It says something about this year that we find it so unbelievable J Hus's Big Conspiracy is less than ten months old. Everything on the album, from Hus’s lazy vocal to the way he shimmies between beats and genres, sounds effortless. A definite step forward from his acclaimed debut Common Sense, this is 45 minutes of crafted transitions, somewhat mellowed but still precise, that showcase his mastery of several styles across a series of cool rhythms. No wonder it has already featured on a number of our best album lists.
View Big Conspiracy by J Hus on vinyl
how i'm feeling now by Charli XCX
Charli XCX's fourth album was written and released during lockdown, encapsulating elegantly the confusion, loneliness and boredom of the time. But, though it will undoubtedly and rightly be used as a kind of sonic photograph in the years to come – both due to its subject matter, and how Charlotte Aitchison used social media to workshop the tracks – how i'm feeling now is a timeless triumph of the Cambridge-born songwriter's knack of finding an absorbing melody among some compelling DIY electronics.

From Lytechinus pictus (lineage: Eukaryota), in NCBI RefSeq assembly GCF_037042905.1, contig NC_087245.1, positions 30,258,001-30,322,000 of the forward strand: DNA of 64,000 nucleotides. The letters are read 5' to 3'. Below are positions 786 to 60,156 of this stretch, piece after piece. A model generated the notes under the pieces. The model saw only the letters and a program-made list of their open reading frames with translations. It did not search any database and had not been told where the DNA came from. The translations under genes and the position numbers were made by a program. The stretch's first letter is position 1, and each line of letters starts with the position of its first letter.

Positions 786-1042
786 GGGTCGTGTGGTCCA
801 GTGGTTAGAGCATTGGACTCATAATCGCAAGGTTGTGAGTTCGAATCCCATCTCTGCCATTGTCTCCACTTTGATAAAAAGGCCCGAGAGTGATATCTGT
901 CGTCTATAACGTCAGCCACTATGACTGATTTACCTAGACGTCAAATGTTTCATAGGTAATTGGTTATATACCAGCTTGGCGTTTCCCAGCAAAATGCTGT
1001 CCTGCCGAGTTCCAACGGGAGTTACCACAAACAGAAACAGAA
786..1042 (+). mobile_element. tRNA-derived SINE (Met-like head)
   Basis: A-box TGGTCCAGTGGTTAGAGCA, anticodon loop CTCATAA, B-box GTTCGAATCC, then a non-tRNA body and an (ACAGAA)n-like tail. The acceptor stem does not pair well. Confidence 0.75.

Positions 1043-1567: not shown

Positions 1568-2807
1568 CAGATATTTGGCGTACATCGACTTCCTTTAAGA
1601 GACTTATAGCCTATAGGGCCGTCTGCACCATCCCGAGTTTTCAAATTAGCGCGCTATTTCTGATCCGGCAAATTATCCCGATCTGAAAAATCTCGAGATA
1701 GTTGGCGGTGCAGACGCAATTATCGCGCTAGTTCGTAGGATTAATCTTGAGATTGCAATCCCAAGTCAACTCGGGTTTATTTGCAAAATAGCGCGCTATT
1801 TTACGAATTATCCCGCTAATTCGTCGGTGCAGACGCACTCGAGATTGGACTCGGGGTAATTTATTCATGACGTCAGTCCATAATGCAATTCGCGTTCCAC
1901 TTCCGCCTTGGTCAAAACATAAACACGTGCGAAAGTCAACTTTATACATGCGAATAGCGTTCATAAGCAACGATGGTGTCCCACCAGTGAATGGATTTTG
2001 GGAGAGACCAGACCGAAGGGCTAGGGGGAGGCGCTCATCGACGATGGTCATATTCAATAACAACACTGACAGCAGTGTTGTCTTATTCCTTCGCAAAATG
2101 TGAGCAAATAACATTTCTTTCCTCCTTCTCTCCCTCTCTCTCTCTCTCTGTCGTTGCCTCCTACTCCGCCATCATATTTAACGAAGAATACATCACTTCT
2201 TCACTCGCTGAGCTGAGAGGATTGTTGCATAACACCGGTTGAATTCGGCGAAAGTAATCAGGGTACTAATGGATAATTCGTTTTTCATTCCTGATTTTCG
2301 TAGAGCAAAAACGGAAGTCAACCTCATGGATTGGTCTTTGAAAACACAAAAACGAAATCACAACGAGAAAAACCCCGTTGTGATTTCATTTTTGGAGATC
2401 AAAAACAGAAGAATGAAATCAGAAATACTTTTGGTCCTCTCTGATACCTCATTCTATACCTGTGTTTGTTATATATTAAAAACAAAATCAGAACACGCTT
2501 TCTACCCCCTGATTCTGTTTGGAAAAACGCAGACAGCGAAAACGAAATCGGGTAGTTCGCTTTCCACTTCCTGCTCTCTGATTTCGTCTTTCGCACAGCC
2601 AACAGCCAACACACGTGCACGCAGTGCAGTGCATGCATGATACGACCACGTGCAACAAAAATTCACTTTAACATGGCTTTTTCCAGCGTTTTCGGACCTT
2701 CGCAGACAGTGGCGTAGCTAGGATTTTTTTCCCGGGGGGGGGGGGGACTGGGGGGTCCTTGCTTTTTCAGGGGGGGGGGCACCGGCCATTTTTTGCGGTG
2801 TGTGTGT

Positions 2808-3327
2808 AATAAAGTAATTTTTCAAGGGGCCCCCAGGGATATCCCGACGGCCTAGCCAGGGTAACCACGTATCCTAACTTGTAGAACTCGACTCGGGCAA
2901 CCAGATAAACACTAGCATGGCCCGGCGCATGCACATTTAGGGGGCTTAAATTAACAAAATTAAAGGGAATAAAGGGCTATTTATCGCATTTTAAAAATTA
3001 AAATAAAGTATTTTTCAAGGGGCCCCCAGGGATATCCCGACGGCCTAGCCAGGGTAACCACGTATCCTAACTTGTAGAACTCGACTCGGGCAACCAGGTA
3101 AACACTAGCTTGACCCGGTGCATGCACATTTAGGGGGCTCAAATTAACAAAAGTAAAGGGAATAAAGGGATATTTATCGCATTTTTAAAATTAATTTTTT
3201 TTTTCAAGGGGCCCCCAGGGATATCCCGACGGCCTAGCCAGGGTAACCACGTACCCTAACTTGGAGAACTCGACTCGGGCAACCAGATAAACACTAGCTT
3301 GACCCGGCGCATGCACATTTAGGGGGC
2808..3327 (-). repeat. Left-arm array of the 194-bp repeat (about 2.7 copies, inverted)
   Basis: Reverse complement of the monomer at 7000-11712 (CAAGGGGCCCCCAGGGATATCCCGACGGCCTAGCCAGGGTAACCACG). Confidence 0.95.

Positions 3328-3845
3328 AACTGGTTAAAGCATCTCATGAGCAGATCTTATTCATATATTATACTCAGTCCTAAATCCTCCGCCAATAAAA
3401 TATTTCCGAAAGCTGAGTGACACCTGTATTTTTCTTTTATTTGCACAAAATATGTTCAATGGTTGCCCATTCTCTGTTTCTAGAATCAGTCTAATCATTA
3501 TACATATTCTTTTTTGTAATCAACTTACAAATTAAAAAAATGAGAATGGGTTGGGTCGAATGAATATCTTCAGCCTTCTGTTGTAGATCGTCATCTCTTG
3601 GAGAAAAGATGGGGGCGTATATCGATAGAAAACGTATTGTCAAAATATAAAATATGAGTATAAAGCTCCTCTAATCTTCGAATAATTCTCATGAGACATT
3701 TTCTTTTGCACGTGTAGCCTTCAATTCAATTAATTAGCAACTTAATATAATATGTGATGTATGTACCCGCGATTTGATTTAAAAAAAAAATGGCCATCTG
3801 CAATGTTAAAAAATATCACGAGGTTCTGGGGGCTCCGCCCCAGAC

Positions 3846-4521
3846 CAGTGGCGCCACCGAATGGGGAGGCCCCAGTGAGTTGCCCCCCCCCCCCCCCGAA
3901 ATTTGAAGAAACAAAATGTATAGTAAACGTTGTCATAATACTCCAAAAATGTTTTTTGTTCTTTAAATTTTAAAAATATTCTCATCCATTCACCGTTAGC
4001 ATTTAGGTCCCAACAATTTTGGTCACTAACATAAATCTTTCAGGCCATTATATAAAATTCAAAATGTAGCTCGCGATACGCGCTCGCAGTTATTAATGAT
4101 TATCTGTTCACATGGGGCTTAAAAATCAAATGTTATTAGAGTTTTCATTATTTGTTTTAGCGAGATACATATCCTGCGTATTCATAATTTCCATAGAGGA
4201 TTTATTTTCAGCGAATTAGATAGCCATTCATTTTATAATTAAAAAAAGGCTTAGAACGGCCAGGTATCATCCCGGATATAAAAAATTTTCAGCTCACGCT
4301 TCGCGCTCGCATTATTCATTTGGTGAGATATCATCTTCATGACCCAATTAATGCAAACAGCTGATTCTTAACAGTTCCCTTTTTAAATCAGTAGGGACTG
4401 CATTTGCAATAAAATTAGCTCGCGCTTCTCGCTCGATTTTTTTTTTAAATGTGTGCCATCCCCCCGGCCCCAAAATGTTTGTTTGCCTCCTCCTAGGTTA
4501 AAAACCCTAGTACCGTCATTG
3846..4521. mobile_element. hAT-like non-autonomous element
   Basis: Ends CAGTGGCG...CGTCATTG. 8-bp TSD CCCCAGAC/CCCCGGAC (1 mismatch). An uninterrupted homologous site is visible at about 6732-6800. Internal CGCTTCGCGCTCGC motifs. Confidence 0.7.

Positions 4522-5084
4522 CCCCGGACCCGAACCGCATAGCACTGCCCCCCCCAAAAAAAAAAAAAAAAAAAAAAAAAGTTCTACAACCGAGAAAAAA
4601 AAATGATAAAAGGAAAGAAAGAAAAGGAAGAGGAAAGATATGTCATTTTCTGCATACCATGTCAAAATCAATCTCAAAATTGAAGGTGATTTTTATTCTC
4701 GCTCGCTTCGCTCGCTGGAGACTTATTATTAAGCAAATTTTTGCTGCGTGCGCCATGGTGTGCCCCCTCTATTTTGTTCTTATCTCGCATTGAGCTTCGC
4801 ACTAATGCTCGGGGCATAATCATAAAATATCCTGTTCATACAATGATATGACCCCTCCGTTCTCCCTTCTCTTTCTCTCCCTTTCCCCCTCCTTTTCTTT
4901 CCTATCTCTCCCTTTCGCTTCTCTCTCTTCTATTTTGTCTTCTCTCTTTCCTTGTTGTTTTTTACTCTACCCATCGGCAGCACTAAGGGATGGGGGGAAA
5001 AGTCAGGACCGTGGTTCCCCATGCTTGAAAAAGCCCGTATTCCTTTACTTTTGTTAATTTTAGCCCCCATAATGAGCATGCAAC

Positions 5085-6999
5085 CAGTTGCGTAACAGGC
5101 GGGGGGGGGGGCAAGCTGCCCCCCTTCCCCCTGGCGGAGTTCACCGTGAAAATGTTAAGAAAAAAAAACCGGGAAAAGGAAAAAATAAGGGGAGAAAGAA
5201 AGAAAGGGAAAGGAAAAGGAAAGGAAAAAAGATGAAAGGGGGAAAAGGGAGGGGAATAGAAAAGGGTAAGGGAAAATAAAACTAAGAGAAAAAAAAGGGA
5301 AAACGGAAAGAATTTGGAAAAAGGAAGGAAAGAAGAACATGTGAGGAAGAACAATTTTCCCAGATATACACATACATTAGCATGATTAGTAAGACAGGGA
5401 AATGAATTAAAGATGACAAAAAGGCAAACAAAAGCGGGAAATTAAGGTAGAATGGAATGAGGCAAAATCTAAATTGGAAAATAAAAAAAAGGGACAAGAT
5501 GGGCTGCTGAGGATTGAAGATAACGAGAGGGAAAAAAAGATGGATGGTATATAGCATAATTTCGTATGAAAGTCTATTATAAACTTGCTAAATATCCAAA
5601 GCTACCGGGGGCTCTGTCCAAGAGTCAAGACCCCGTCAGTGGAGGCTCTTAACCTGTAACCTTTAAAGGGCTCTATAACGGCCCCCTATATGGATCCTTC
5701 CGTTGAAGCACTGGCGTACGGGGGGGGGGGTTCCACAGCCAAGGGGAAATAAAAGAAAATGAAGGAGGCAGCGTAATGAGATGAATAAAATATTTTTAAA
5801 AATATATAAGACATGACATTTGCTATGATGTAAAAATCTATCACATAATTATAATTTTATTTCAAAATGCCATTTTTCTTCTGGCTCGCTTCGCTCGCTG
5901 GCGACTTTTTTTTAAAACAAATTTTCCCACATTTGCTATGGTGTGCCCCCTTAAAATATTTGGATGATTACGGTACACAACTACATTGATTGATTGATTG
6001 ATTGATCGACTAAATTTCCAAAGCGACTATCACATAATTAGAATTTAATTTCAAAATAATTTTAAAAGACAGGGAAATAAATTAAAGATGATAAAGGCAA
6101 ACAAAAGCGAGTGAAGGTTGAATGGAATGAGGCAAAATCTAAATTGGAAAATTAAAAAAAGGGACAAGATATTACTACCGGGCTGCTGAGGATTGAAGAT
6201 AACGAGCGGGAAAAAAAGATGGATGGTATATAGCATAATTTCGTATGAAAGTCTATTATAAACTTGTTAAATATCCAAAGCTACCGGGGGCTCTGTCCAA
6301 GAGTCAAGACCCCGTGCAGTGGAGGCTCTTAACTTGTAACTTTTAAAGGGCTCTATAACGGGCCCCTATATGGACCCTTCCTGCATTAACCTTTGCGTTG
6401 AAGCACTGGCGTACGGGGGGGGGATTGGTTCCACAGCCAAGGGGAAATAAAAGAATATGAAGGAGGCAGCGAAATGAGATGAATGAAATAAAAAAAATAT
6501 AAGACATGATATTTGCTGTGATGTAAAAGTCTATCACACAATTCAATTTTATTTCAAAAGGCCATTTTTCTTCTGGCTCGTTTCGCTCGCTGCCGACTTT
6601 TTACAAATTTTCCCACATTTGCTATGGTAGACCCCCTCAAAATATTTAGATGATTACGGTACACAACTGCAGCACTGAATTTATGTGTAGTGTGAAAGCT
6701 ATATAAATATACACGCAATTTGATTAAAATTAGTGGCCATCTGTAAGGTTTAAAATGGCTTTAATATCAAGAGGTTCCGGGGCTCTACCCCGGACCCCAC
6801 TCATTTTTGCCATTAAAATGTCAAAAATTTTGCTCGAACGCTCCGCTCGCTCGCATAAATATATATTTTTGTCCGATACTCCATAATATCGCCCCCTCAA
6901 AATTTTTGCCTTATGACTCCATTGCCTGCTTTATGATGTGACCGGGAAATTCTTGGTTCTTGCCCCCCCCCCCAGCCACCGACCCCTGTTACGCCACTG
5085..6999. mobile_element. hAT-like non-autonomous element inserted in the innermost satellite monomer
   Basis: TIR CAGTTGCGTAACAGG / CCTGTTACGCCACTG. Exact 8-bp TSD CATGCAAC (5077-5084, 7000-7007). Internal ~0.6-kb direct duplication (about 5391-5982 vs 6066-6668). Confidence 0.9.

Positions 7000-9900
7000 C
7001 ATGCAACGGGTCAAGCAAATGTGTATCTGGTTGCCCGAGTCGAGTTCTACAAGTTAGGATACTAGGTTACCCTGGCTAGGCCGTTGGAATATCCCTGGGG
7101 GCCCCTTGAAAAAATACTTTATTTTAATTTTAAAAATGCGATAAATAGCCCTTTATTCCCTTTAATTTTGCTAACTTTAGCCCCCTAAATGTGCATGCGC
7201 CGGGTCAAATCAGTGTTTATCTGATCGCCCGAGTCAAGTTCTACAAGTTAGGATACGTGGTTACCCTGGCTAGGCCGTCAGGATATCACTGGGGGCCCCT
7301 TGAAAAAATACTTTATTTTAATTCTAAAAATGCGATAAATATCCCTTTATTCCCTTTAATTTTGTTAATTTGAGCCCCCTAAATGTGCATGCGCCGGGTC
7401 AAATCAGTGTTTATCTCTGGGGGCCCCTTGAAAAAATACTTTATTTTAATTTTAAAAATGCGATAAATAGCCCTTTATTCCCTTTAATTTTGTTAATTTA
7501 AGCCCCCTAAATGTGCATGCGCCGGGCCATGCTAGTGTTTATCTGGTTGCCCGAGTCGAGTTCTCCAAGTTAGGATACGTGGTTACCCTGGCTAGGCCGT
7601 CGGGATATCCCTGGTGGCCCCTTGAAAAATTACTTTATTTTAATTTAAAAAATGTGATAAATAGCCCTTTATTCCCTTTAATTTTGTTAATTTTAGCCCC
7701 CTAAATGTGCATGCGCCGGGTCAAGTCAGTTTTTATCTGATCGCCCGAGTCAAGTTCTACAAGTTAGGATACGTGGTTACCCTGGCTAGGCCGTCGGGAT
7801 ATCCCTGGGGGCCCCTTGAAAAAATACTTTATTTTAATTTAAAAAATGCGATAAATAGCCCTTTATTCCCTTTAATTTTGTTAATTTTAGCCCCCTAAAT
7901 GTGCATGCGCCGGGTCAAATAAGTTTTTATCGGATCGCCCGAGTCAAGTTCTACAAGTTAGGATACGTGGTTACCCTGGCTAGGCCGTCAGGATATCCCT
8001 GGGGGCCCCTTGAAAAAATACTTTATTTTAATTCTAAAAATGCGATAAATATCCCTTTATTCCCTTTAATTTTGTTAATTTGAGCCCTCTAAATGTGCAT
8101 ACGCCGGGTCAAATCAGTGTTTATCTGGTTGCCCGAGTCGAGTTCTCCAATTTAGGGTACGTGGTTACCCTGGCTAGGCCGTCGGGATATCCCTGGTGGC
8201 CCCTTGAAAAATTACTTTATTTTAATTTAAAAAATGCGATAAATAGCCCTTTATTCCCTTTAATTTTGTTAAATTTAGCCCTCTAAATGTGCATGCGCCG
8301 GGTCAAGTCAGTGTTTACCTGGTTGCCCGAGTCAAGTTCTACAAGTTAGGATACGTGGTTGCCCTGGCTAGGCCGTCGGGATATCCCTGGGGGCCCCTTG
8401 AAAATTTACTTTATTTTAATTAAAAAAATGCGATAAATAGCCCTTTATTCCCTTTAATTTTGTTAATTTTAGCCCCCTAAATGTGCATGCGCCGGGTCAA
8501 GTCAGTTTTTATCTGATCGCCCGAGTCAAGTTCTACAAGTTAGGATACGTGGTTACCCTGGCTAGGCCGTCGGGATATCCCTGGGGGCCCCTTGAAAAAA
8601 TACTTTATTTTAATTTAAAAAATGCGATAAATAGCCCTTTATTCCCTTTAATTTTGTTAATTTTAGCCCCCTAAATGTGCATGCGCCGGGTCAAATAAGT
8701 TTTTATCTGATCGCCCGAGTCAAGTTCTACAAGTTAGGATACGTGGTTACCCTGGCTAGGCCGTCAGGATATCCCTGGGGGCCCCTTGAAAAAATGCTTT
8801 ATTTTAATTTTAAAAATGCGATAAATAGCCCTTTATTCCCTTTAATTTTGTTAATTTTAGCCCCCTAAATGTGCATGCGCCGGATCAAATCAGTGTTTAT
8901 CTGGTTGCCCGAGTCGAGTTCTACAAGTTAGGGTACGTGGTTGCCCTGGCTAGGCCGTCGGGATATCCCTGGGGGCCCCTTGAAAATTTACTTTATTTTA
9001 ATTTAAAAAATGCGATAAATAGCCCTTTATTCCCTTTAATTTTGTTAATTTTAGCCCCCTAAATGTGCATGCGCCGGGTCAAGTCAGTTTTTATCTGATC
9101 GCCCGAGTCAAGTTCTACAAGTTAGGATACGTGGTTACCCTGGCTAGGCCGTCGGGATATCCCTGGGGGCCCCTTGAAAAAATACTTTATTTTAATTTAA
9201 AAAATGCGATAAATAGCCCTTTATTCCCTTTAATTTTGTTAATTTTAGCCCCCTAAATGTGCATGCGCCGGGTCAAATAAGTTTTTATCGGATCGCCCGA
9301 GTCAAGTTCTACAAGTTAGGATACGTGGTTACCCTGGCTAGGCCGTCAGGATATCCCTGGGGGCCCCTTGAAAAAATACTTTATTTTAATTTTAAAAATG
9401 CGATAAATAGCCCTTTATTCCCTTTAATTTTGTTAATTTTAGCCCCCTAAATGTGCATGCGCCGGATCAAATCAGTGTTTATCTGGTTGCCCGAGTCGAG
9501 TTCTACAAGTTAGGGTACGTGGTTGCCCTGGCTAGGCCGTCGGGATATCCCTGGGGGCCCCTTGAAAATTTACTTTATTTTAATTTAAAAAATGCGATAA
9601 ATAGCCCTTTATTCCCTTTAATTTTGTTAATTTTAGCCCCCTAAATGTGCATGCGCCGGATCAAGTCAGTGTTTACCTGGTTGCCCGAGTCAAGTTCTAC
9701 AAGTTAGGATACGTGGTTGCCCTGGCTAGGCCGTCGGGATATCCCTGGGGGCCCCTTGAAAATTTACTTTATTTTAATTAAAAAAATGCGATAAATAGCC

View how i'm feeling now by Charli XCX on vinyl
SAWAYAMA by Rina Sawayama
It would take a fool to attempt confining Rina Sawayama to any particular genre, but suffice to say she proves on SAWAYAMA – the roots of which are in pop music, R&B, hip-hop and metal – that she is a master of many. Born in Japan but a Londoner from the age of five, Sawayama missed out on a Mercury Music Prize nomination due to having indefinite leave to remain but no British passport. More a loss for the industry prize than for the remarkable artist it shunned, it nonetheless opened a discussion about Britishness in art. "If arts awards are creating their own version of border control around their eligibility, I think that's really problematic," she told Vice.